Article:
- Release pressure by venting (be careful of the steam!)
- Remove the bay leaf, salt and pepper to taste.
Be sure to read the full recipe in the recipe box below.
That’s it! With only 10 minutes of prep and 10 minutes of cook time (excluding pressurizing), you can dish out this full-flavored, hearty soup in less than 30 minutes!
You can store any leftover soup in an airtight container in the fridge for up to three days.
Don’t have an Instant Pot?
That’s ok, you can still make this turkey soup on the stovetop. It takes a bit more effort, but the result is the same.
To make this turkey noodle soup on the stovetop, just use a stockpot to saute the chopped veggies and continue following the directions.
Once the veggies are tender and a bit browned, add the chicken stock and the rest of the ingredients (except the noodles).
Cook on medium-high heat and bring it to a boil, then reduce the heat to simmer for 10 to 15 minutes.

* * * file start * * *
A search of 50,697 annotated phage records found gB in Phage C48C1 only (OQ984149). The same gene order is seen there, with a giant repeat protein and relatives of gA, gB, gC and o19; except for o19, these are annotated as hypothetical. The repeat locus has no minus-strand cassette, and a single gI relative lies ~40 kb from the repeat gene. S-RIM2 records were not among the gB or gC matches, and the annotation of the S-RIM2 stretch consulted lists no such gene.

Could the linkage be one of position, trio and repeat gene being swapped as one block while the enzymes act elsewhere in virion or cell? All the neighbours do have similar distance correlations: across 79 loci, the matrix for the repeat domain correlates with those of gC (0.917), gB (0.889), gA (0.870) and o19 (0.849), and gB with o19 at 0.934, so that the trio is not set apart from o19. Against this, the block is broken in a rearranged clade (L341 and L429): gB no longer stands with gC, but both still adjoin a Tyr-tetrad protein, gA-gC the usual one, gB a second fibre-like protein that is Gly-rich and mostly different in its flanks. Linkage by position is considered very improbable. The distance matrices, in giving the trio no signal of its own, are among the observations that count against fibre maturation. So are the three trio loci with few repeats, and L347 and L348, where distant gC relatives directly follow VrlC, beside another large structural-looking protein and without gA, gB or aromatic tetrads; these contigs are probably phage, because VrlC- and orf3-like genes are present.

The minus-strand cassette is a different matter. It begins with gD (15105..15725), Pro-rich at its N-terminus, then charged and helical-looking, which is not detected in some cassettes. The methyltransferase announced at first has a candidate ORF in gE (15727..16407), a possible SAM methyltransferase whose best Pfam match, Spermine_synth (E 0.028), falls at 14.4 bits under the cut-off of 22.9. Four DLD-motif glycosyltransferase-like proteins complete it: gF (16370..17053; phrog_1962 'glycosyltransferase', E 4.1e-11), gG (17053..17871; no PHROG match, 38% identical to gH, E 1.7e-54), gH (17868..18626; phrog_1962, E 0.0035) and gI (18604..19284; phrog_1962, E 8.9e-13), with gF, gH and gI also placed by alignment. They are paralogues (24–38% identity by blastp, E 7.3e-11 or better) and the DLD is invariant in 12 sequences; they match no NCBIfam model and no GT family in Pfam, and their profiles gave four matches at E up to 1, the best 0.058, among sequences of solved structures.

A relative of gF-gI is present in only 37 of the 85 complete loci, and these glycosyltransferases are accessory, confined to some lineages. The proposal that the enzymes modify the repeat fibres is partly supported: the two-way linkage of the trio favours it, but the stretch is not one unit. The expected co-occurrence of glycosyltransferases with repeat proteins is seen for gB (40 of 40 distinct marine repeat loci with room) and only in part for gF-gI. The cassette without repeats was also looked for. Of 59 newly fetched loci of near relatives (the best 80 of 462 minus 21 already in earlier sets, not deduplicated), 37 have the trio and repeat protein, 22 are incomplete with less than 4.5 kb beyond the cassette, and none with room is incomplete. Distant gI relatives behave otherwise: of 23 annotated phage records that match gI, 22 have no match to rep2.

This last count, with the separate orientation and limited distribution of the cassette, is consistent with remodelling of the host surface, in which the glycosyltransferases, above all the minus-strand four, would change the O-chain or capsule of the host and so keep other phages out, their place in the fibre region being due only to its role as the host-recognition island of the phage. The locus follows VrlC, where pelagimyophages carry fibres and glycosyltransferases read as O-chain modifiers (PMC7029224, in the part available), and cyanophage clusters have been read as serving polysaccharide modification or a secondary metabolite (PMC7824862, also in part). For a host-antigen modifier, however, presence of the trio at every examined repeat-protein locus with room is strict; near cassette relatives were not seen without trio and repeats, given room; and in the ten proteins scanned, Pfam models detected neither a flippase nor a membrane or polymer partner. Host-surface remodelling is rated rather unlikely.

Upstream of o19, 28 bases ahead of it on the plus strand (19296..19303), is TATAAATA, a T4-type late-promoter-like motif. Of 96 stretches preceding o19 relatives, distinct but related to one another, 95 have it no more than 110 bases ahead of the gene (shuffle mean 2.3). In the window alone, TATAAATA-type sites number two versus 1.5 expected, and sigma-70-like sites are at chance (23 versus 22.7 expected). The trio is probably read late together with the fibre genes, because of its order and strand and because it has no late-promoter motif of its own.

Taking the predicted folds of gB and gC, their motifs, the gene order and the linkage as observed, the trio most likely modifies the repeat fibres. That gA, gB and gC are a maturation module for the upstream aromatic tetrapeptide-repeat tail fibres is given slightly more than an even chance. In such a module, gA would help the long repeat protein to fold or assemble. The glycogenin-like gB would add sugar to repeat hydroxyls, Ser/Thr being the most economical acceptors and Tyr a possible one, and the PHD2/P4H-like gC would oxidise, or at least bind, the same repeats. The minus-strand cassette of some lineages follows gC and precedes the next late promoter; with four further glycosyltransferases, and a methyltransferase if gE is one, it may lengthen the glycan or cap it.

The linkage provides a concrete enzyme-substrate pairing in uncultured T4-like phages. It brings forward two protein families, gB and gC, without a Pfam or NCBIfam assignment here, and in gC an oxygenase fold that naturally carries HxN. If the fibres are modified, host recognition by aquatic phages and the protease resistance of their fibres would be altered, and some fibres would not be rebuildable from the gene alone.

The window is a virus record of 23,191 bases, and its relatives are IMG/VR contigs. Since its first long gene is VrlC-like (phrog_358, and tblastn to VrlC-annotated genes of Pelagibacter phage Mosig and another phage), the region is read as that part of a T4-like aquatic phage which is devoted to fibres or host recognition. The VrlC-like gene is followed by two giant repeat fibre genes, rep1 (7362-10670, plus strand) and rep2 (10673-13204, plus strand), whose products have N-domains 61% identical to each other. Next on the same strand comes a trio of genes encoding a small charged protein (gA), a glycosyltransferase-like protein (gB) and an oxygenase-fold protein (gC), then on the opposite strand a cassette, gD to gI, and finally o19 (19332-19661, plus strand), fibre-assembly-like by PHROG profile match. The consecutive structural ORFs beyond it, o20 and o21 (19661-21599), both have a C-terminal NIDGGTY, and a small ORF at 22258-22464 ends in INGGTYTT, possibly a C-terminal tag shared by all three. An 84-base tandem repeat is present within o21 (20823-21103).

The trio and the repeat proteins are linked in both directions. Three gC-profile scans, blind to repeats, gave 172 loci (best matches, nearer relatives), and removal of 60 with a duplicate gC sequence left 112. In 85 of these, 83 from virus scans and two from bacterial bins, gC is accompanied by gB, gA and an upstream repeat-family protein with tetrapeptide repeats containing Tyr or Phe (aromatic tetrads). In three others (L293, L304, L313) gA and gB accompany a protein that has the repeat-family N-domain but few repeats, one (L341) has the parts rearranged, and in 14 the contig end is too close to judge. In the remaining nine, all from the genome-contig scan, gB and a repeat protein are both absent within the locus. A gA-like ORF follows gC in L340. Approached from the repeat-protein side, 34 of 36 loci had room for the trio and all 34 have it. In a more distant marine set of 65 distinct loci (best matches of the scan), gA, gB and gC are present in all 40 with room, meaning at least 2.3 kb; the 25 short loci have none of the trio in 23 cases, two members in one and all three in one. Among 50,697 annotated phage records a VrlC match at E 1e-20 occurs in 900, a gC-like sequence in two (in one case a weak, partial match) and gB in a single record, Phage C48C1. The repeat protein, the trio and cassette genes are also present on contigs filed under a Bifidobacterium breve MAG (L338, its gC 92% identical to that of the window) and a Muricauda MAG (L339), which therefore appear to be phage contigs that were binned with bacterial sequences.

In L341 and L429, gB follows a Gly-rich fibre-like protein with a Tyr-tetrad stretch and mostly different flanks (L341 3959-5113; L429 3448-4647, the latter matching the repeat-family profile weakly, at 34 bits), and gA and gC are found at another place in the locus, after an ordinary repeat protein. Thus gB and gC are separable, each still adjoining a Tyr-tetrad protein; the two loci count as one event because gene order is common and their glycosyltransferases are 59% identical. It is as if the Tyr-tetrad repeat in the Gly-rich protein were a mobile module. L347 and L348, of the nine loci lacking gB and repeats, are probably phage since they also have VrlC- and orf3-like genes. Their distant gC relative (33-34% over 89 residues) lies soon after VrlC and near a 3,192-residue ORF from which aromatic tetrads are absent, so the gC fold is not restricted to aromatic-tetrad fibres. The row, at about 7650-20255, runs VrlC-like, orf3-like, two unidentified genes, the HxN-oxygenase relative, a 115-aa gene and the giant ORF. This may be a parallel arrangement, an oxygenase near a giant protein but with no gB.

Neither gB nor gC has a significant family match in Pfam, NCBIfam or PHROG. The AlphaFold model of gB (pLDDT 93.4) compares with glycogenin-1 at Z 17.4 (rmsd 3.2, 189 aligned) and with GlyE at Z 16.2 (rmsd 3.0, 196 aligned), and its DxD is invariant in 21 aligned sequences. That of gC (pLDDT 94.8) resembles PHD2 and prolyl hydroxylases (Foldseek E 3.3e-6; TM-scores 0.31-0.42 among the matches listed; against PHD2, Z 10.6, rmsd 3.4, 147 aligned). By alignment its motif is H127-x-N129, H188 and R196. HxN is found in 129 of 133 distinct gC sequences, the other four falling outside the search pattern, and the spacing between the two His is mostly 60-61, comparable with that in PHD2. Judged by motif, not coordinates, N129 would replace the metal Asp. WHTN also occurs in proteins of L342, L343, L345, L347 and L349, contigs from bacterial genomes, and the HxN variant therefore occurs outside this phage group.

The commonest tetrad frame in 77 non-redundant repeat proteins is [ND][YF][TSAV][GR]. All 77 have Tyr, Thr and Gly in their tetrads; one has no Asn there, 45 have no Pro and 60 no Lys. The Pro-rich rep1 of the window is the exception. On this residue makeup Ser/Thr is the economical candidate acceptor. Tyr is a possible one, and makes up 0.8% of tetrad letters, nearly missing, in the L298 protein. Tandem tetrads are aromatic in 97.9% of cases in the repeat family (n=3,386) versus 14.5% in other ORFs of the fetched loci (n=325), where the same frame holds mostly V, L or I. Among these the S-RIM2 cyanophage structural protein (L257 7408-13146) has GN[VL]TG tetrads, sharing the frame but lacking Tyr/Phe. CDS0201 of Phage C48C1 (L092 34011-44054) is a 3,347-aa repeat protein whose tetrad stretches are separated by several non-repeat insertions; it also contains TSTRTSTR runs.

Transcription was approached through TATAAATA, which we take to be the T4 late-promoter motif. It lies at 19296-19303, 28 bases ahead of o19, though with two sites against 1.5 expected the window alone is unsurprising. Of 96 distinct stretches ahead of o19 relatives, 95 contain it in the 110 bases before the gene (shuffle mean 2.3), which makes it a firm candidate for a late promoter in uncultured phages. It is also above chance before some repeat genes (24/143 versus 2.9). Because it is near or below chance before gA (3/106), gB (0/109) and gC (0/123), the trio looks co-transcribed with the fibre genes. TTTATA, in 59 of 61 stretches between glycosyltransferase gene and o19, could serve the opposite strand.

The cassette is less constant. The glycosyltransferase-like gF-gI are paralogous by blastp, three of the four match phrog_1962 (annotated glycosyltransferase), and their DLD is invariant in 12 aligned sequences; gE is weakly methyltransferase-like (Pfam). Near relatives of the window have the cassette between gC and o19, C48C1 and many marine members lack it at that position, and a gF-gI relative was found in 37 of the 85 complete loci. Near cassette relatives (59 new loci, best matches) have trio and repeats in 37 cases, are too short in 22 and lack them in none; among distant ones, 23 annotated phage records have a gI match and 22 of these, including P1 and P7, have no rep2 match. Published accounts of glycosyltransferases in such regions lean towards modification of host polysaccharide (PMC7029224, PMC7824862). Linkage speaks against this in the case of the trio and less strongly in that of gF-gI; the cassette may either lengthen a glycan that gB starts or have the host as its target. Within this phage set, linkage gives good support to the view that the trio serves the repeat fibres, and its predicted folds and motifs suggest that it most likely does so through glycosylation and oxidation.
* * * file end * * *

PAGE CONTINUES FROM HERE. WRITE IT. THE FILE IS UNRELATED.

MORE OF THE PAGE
In another pot, cook the noodles separately as directed on the box. If you cook it all together then the noodles will soak up most of the liquid, so I suggest adding the cooked noodles after the stock has simmered.
Once the noodles are cooked, drain and add them to the soup. Have a little taste to see if it needs more salt and pepper, and enjoy!
What is an Instant Pot?
An Instant Pot is like a modernized electrical pressure cooker that has many more functions and cooks food in a fraction of the time. You can put the food in the pot, walk away and come back to a delicious warm meal.
It’s a one-pot solution that takes the fear out of pressurizing.
If you haven’t yet bought an Instant Pot, and are looking for reasons and recommendations to buy one, I found an informational post that may help you.
I have this 6-Quart Instant Pot. It’s not only a pressure cooker but also a slow cooker, rice cooker, steamer, saute pan and food warmer. It is even a yogurt maker, so it does a lot for a reasonable price.
Best noodles for soup:
Egg noodles are classic for soups, they’re different from boxed noodles in taste, texture and color.